In their illustrious 85 seasons in the NHL, the Rangers have only retired 9 numbers, two of them being goaltenders.
Eddie Giacomin's road to the NHL was the most difficult. In the days of the Original Six, goaltending jobs were difficult to come by. Giacomin spent several years in the minors waiting for his opportunity be noticed. In 1965, the New York Rangers finally took notice and traded three players, including their starting goaltender, for Giacomin.
Giacomin was the classic stand-up goaltender of that era. Giacomin showed immediate promise with the Rangers, but began to struggle and eventually lost the goaltending job. With determination, Giacomin improved his play and won the Vezina Trophy the following year, leading the league in shutouts. Giacomin would remain the Rangers' goaltender for the next nine seasons, leading the league in games played and shutouts several times.
Giacomin was best described as tough player. In a game against the Chicago Blackhawks, Hall of Famer Bobby Hull skated over the back of Giacomin's hand. Eddie refused to leave the game and the Rangers went on to win. In an interview with Bobby Hull following the game, Hull praised Giacomin's courage. Ultimately, injuries, age, and salary would lead to the waiving of Giacomin as he was replaced by John Davidson.
Eddie Giacomin was inducted into the NHL Hall of Fame in 1987, and on March 15, 1989 joined Ron Gilbert as the second New York Ranger to have his number retired.
In the 1985 NHL Entry Draft, the Rangers found their next great goaltender with the 26th overall pick in Michael Richter. Richter spent some time as a backup goaltender before the Rangers would turn the reigns over to him. The Rangers gambled on Richter by trading John Vanbiesbrouck before the start of the 1993-1994 season. That gamble paid off as Richter lead the team to the President's Trophy and posting a team record of 42 wins.
The 1993-1994 playoffs solidified Mike Richter a spot in the hearts of all Rangers fans. Richter managed to shutout cross city rivals, the New York Islanders, in the first two games of their series.
Richter's toughest test would come at the hands of Martin Brodeur and New Jersey Devils. That Eastern Conference Finals series went the distance of seven games and included several double overtimes. Mike Richter got the win after double overtime of game seven, pushing the Rangers into the Stanley Cup Finals. Richter wasn't done, saving his most memorable moment for Pavel Bure, stopping him on his penalty shot in those Finals.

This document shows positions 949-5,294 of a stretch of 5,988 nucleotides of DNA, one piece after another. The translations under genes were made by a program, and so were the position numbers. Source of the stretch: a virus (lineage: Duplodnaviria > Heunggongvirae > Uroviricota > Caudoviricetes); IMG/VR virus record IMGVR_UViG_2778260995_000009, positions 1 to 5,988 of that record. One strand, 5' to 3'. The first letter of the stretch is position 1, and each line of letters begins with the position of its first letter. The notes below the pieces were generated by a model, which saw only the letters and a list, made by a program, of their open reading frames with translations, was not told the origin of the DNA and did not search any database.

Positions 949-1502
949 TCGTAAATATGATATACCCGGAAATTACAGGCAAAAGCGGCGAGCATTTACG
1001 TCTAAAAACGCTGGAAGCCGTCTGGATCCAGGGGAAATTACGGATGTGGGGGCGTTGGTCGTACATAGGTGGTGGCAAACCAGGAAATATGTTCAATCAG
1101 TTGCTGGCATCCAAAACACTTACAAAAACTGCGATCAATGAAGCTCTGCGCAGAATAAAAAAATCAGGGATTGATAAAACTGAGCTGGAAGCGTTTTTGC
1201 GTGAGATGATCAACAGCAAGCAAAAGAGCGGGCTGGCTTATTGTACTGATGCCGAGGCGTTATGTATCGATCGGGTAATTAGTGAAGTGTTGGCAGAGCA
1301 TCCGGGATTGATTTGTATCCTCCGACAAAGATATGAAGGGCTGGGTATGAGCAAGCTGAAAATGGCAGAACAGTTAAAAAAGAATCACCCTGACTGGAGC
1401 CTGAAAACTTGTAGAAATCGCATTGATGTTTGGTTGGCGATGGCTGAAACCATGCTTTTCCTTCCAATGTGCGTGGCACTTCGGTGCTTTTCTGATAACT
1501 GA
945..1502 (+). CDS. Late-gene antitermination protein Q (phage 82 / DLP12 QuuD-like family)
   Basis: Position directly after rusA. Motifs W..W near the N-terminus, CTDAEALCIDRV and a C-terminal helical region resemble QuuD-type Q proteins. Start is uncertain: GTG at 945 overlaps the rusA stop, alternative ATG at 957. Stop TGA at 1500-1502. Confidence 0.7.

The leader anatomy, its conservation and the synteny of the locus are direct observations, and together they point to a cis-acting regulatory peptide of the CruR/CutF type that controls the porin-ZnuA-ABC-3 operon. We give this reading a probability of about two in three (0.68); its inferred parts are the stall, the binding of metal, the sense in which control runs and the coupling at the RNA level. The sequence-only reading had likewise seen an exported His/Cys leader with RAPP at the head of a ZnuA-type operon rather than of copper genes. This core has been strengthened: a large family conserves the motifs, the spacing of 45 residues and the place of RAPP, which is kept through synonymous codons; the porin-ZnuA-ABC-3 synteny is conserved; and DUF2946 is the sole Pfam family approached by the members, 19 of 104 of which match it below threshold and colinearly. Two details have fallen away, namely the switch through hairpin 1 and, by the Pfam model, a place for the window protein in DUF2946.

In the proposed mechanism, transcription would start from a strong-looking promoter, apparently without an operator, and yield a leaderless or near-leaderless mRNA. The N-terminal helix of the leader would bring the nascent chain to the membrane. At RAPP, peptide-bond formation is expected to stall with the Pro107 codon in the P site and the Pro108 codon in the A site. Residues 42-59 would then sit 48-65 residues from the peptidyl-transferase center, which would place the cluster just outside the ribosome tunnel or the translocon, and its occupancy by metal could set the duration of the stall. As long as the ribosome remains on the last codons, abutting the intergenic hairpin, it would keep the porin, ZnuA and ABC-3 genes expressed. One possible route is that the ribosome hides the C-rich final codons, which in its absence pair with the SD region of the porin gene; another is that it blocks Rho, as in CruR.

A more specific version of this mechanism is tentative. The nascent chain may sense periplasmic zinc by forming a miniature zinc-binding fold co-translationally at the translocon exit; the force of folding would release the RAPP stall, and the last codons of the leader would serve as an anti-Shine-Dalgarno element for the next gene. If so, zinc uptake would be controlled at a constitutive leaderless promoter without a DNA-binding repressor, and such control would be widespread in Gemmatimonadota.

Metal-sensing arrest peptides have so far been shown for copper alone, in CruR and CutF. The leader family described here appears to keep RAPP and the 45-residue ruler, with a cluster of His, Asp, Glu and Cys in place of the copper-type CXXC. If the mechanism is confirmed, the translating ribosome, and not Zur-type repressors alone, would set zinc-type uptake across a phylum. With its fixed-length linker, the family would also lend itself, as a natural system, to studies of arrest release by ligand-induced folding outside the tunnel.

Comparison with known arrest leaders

Mike Richter was viewed as an undersized goaltender. His athleticism and reflexes allowed him to remain a top goaltender in the league for years. If Mike Richter was out of position, which was a rarity, his flexibility and acrobatics would allow him make the save.
Like Giacomin, Richter's career was cut short due to injuries. A skull fracture and concussion forced Ritcher to hang them up for good. Ritcher holds Ranger club records for most career games (666), most career wins (301), single season starts (72) and single season wins (42).
On February 4, 2004, Richter joined Giacomin as his number 35 jersey was retired.
Henrik Lundqvist, drafted 205th overall in the 2000 draft, now finds himself the backbone of the New York Rangers. Like Giacomin and Richter, Lundqvist is a crowd favorite, having earned the nickname "King Henrik".
Lundqvist is an unorthodox butterfly style goaltender. Often criticized for staying deep in his net, Lundqvist possesses the reflexes and athleticism, much like Richter, to make that key save. Lundqvist also shares the same strong positioning and ability to stay square to the shooter that Richter displayed. One thing Lundqvist does not share with Richter is his NHL postseason success.
Lundqvist has started his NHL career by becoming the only goaltender in NHL history to post six consecutive 30+ win seasons. His efforts has made him a three time Vezina finalist. Like Giacomin, Lundqvist has twice been the league leader in shutouts. Statistically, Lundqvist finds himself among the league leaders in every major goaltending category.
Henrik Lundqvist's career hasn't been plagued with injuries like the two other Hall of Fame goaltenders experienced. Lundqvist has played a total of 406 regular season games and finds himself inching his way to the club record. He is a mere 88 wins away from tying Mike Richter for most career wins as a Ranger. To put that into perspective, Lundqvist just needs to play three more season the way he has played his first six.
Although it is still early in King Henrik's career to crown him the best Rangers goaltender ever, but his résumé is rather impressive. Just being mentioned with the likes of Giacomin and Richter should be inspiring, although Lundqvist shows no signs of slowing down. Lundqvist could very well have his last moment on the Madison Square Garden ice watching his number 30 join Richter and Giacomin.
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